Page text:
The US Air Force Research Laboratory and Lockheed Martin have kicked off an $18 million research programme into active aeroelastic control technologies, which if proved practical would in principle translate into thinner, lighter and better optimised wings with a much higher aspect ratio than is possible with the rigid wings that have characterised most powered flight to-date.

The initial USAF programme, which is worth about $18 million, covers the cost of developing the unmanned X-56 and performing about 20 initial test flights on the purpose-built machine. It includes two of the Lockheed Martin-built aircraft, three sets of fibreglass high-aspect ratio aeroelastic wings and one "stiff" wing.

Initial flights, including a 26 July data-gathering sortie, are being undertaken with the stiff wing. Later flights will use the lighter, more flexible fiberglass wings. These are detachable because of the high-risk nature of the testing, and the aircraft also has a built-in parachute to hopefully prevent the total loss of an airframe if there is an accident.



NASA will take possession of the two X-56As and four sets of detachable wings later this year to continue the research. It is also developing its own wings for the aircraft and will fly its own stiff wing "next spring", says Gary Martin, NASA's fixed-wing project manager at the Dryden Flight Test Center at Edwards AFB, California. Later, NASA will add its own advanced sensors, which it is developing along with a different wing, to be flown towards the end of the five-year test programme.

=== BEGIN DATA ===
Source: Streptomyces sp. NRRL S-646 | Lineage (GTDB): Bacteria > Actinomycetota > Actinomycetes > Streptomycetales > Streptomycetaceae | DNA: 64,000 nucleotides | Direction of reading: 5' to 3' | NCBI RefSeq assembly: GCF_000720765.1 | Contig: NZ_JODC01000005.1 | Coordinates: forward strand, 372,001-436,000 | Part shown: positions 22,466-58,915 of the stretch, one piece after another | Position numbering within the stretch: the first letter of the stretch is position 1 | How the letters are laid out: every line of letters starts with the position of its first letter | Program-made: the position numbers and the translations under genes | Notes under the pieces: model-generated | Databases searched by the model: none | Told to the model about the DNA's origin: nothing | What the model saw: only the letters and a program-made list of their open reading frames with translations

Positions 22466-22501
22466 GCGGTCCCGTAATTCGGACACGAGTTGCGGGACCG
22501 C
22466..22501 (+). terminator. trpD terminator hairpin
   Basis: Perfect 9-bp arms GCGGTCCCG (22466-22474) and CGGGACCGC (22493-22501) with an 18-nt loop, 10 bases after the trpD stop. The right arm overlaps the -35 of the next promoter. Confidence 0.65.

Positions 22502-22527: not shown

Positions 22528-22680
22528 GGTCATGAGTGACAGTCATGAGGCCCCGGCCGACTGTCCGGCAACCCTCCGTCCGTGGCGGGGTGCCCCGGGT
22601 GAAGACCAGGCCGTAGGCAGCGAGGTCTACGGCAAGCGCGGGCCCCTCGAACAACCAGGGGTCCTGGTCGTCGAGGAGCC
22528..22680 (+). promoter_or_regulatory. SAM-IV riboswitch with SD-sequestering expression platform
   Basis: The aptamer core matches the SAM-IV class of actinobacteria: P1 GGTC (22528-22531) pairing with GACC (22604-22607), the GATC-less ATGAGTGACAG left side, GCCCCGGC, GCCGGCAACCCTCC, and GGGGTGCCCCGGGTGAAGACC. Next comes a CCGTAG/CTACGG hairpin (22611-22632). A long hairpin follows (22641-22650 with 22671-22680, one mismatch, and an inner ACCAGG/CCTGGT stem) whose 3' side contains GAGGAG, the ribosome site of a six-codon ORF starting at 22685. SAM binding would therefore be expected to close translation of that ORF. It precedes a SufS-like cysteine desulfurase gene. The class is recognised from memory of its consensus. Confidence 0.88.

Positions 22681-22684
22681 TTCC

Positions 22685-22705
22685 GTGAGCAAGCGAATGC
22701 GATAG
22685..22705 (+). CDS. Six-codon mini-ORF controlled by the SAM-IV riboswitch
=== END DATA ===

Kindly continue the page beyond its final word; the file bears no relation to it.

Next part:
The objective is to embed sensors in the X-56's wings to detect flutter and gust loads and counter the resulting bending and twisting with the aircraft's control surfaces. Eventually, real-time control of those flexing movements might be possible.

"This programme actually came out of studies and technology development that were geared towards a future intelligence, surveillance and reconnaissance capability," says Pete Flick, AFRL programme manager. Martin adds that the technology could also be applied to future commercial aircraft that might enter service after 2035.

Ironically, controlling the flex of the wing would revive a control technique used by the Wright brothers. Their 1901 and 1902 gliders and successful 1903 "Flyer" mimicked birds by "wing warping", although modern aircraft have long since opted for rigid wings and control by moveable spoilers or ailerons.

Source: Flight International